No open family rupture, however, is caused; on the contrary, a remarkable and inevitably disastrous "triple arrangement" follows as mentioned above , for an entire volume, in which the widow and the bridegroom make despairing love to each other, refraining, however, from any impropriety, and the wife, though suffering for she, in her apparently frigid way, really loves her husband , tolerates the proceeding after a fashion.

This impossible and preposterous situation is at last broken up by the passion and violence of another admirer of Delphine—a certain M. These bring about duels, wounds, and Delphine's flight to Switzerland, where she puts up in a convent with a most superfluous and in every way unrefreshing new personage, a widowed sister of Madame de Mandeville. Valorbe follows, and, to get hold of Delphine, machinates one of the most absurd scenes in the whole realm of fiction. He lures her into Austrian territory and a chamber with himself alone, locks the door and throws the key out of the window, [10] storms, [Pg 6] rants, threatens, but proceeds to no voie de fait , and merely gets himself and the object of his desires arrested by the Austrians!

He thus succeeds, while procuring no gratification for himself, in entirely demolishing the last shred of reputation which, virtuous as she is in her own way, Delphine's various eccentricities and escapades have left her; and she takes the veil. In the first form the authoress crowned this mass of absurdities with the suicide of the heroine and the judicial shooting of the hero.

Yet the thing, "dismal trash" as Sydney almost justly called it, is perhaps worth reading once nothing [Pg 7] but the sternest voice of duty could have made me read it twice because of the existence of Corinne , and because also of the undoubted fact that, here as there, though much more surprisingly, a woman of unusual ability was drawing a picture of what she would have liked to be—if not of what she actually thought herself. The generosity, less actually exaggerated, might also pass. Delphine behaves throughout like a child, and by no means always like a very well-brought-up child; she never seems to have the very slightest idea that "things are as they are and that their consequences will be what they will be"; and though, once more, we are told of passion carrying all before it, we are never shown it.

It is all "words, words.

She had seen England, being "coached" by Crabb-Robinson and others, so as to give some substance to the vague philosophe-Anglomane flimsiness of her earlier fancy. She had seen Republicanism turn to actual Tyranny, and had made exceedingly unsuccessful attempts to captivate the tyrant. She had seen Germany, and had got something of its then not by any means poisonous, if somewhat windy, "culture"; a little romance of a kind, though she was never a real Romantic; some aesthetics; some very exoteric philosophy, etc. She had done a great deal of not very happy love-making; had been a woman of letters, a patroness of men of letters, and—most important of all—had never dismounted from her old hobby "Sensibility," though she had learnt how to put it through new paces.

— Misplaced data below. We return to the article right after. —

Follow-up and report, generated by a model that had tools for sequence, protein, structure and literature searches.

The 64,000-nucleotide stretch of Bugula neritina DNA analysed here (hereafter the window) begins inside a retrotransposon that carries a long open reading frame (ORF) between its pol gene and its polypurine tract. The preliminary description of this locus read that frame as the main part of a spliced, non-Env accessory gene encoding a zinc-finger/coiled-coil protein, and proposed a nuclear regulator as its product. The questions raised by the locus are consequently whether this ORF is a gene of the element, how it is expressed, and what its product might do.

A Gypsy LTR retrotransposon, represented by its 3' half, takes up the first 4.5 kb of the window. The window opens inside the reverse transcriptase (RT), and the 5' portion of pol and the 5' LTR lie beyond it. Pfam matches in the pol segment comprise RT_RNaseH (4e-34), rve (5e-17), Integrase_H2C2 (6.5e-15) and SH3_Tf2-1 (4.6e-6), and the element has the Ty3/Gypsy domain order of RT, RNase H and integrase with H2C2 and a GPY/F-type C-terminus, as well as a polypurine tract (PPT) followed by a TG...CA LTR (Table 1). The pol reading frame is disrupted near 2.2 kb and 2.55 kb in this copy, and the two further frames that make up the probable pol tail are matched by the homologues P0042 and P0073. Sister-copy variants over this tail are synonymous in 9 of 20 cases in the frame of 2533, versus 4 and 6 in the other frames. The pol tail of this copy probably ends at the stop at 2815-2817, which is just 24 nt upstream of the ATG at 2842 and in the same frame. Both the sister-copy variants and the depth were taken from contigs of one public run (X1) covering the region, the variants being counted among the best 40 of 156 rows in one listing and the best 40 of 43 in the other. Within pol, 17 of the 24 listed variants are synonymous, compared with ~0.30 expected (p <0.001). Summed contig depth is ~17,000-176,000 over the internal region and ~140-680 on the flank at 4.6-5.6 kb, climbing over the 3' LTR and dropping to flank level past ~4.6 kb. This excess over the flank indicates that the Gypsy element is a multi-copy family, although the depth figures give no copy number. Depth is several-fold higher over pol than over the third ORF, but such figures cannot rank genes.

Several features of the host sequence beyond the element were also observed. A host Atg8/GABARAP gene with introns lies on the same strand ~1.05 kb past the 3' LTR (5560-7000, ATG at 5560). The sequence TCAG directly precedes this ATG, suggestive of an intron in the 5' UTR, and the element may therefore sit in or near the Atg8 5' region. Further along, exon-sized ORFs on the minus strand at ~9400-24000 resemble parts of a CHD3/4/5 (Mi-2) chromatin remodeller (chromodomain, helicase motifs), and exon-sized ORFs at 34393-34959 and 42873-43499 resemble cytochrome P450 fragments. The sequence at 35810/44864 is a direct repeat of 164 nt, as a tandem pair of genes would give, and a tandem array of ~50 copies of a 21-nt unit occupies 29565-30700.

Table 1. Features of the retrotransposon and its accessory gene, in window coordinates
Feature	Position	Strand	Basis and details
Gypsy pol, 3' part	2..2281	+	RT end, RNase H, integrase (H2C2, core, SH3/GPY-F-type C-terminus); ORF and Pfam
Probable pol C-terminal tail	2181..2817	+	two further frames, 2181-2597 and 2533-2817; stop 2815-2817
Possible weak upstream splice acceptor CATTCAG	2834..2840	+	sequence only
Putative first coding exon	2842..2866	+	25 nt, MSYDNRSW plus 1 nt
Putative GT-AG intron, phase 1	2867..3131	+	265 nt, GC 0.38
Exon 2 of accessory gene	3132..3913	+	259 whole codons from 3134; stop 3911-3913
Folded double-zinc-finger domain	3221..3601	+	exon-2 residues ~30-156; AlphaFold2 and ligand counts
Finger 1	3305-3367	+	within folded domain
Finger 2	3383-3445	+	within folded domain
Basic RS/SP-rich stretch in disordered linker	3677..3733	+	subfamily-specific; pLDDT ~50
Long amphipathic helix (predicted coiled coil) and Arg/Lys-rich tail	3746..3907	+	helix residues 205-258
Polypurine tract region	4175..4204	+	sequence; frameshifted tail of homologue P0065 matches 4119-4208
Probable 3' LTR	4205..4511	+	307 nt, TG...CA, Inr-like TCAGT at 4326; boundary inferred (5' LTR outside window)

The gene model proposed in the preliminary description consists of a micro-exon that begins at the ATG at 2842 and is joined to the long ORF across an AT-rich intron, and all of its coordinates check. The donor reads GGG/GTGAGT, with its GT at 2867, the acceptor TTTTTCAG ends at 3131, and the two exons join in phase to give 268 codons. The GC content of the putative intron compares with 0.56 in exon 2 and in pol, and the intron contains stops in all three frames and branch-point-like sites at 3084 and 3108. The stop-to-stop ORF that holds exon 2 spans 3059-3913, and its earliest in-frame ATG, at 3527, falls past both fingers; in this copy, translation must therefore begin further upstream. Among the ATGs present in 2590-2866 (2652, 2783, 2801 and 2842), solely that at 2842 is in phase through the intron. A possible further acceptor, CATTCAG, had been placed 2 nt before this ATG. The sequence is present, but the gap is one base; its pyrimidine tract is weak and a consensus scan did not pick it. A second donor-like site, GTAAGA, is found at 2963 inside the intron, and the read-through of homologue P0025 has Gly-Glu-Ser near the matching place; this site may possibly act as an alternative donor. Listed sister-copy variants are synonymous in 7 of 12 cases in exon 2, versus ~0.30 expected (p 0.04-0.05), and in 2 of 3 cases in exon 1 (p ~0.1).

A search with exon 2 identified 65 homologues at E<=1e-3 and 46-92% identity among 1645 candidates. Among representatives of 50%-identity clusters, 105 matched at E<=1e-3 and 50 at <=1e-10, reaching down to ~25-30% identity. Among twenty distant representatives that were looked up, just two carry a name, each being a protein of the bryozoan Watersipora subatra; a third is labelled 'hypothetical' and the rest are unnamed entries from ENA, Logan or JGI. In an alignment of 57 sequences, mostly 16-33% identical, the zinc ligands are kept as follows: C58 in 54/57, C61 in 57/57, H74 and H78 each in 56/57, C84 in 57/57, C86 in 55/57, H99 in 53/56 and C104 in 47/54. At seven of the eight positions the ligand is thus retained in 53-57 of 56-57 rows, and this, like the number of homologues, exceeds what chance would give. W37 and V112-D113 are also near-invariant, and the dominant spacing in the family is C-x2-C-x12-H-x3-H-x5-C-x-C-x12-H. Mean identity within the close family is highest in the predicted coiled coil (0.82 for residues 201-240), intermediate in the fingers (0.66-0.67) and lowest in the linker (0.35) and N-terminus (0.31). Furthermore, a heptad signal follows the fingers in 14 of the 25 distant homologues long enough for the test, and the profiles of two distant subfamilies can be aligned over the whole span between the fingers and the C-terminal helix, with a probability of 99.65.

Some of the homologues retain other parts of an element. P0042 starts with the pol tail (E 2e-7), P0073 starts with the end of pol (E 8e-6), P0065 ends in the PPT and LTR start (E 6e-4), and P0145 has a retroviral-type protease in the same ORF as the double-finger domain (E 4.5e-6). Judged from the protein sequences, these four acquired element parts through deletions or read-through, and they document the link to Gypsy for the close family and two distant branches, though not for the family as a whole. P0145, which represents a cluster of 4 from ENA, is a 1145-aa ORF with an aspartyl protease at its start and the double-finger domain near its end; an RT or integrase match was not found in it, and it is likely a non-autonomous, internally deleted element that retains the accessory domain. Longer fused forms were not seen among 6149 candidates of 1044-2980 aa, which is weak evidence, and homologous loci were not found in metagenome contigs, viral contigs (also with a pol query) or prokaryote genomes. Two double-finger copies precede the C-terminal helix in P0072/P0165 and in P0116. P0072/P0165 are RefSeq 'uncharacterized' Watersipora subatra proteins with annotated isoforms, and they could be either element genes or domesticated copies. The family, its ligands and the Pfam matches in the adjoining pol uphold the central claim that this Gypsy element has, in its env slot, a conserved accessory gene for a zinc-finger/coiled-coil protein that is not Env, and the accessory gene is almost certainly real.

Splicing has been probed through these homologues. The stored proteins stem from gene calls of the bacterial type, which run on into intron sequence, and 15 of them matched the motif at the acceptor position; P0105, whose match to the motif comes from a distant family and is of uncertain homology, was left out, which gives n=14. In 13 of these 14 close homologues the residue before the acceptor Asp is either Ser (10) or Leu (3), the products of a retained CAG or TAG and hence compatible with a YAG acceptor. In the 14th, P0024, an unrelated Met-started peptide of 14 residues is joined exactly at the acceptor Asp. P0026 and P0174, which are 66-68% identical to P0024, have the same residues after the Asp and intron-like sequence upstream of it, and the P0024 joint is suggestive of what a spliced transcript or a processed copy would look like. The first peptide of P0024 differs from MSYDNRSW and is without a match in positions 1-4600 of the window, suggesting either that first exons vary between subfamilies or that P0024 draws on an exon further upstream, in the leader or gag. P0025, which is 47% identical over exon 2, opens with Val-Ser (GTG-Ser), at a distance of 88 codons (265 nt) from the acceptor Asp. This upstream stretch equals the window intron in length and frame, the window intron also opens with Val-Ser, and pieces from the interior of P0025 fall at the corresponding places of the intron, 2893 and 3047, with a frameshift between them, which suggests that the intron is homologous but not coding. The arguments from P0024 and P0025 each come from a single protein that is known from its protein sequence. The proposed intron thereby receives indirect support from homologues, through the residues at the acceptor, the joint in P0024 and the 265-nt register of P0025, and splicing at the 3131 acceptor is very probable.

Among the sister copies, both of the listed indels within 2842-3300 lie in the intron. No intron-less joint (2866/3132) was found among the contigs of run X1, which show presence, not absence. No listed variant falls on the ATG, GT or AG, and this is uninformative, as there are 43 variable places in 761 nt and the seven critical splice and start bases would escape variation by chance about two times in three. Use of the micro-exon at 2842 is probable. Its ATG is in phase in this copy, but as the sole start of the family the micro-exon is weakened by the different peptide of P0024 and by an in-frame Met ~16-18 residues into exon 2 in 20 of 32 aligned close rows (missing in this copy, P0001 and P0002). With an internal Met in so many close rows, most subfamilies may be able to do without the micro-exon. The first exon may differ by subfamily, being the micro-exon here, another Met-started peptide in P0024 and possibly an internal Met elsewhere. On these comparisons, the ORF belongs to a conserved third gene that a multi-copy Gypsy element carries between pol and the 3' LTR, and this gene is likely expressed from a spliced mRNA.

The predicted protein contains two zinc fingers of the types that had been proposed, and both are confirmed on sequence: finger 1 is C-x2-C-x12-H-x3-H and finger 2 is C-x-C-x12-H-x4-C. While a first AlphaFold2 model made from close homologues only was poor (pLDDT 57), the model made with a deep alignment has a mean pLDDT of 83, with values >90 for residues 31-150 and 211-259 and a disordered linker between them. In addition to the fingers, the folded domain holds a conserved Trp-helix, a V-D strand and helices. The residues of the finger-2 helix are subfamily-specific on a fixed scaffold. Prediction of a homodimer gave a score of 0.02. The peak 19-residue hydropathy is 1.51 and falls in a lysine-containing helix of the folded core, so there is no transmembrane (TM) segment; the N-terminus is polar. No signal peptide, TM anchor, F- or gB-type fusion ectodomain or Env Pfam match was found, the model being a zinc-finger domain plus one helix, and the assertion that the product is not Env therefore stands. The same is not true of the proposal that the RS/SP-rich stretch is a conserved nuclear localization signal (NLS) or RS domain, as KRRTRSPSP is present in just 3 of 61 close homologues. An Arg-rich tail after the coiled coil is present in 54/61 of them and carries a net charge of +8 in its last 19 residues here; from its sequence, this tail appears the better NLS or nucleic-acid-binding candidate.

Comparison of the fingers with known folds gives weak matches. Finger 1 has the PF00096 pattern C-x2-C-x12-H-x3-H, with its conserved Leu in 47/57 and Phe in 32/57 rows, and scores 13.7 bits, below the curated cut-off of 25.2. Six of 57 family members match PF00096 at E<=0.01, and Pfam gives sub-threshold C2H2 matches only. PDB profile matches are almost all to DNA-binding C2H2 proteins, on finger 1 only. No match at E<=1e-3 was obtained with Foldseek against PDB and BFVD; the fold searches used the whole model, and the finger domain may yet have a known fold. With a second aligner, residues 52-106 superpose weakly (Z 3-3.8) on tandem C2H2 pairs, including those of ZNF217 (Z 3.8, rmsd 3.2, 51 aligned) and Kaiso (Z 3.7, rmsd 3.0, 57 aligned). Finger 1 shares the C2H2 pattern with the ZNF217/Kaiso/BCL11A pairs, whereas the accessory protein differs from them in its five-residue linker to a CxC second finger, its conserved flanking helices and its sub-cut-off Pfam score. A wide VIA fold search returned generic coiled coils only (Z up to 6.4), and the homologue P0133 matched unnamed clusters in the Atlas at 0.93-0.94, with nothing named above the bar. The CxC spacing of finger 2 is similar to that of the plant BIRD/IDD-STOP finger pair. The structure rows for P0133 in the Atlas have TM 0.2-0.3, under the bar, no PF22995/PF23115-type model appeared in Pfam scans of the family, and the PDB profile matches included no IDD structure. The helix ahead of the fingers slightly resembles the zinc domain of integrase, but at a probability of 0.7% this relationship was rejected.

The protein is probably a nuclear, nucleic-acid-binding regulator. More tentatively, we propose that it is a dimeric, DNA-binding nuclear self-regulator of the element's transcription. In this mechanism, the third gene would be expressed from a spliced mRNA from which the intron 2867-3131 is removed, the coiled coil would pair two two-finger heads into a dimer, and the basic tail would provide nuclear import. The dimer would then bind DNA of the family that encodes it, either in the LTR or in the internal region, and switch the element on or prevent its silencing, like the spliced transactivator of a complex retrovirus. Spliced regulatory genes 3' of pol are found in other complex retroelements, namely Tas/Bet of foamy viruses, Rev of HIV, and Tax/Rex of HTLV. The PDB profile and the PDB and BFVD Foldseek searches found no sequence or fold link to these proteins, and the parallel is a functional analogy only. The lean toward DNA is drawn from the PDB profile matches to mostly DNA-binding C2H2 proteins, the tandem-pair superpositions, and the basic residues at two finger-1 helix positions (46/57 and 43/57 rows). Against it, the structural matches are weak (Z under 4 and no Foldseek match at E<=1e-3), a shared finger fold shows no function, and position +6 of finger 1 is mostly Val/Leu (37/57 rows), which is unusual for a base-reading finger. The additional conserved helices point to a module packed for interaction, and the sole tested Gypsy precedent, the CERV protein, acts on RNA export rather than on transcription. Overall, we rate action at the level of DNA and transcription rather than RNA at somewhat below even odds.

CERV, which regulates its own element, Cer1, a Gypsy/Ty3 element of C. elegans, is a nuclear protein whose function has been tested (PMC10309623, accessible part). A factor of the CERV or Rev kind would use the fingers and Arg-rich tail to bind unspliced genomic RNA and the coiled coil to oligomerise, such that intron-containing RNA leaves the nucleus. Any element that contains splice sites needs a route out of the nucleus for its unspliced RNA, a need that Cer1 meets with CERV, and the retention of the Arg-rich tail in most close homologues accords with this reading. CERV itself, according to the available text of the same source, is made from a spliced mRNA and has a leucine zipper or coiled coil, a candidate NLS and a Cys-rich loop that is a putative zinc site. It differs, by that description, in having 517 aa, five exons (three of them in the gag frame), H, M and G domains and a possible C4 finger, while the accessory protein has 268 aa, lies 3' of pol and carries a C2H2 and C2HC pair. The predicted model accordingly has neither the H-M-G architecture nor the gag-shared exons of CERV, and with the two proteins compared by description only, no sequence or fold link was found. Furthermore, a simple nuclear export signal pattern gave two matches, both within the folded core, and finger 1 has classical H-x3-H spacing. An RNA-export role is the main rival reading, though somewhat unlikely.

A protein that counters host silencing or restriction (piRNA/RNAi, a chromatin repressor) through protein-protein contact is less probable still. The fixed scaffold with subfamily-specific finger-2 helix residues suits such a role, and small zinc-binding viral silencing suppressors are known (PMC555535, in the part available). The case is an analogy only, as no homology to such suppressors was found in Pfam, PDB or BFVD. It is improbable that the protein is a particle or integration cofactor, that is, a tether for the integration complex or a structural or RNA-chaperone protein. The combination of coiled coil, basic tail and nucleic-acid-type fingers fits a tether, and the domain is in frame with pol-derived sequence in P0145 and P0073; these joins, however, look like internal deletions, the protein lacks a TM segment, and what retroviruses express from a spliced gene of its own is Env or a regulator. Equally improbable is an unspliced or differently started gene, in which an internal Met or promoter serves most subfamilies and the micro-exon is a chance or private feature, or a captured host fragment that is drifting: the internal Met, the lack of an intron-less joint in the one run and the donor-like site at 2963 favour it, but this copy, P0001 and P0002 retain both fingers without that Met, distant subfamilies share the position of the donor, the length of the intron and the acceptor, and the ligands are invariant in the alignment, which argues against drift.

A critical reader of Corinne must remember all this, and he must remember something else, though the reminder has been thought to savour of brutality. It is perfectly clear to me, and always has been so from reading in and between the lines of her own works, of Lady Blennerhassett's monumental book on her, of M.

This partly pathetic, partly, alas! Corinne gives us the rest, and nearly, if not quite, the whole. The author had no doubt tried to do this in Delphine , but had then had neither art nor equipment for the task, and she had failed utterly. She was now well, if not perfectly, equipped, and had learnt not a little of the art to use her acquisitions. Delphine had been dull, absurd, preposterous; Corinne , if it has dull patches, saves them from being intolerable.

If its sentiment is extravagant, it is never exactly preposterous or exactly absurd; for the truth and reality of passion which are absent from the other book are actually present here, though sometimes in unintentional masquerade. In fact, Corinne , though the sisterhood of the two books is obvious enough, has almost, though not quite, all the faults of Delphine removed and some merits added, of which in the earlier novel there is not the slightest trace. The history of my own acquaintance with it is, I hope, not quite irrelevant.

But though I had, I hope, sense enough to see its faults, I had neither age nor experience nor literature enough to appreciate its merits. I read it a good deal later in French, and, being then better qualified, did perceive these merits, though it still did not greatly "arride" me. Later still—in fact, only some twenty years ago—I was asked to re-edit and "introduce" the English translation.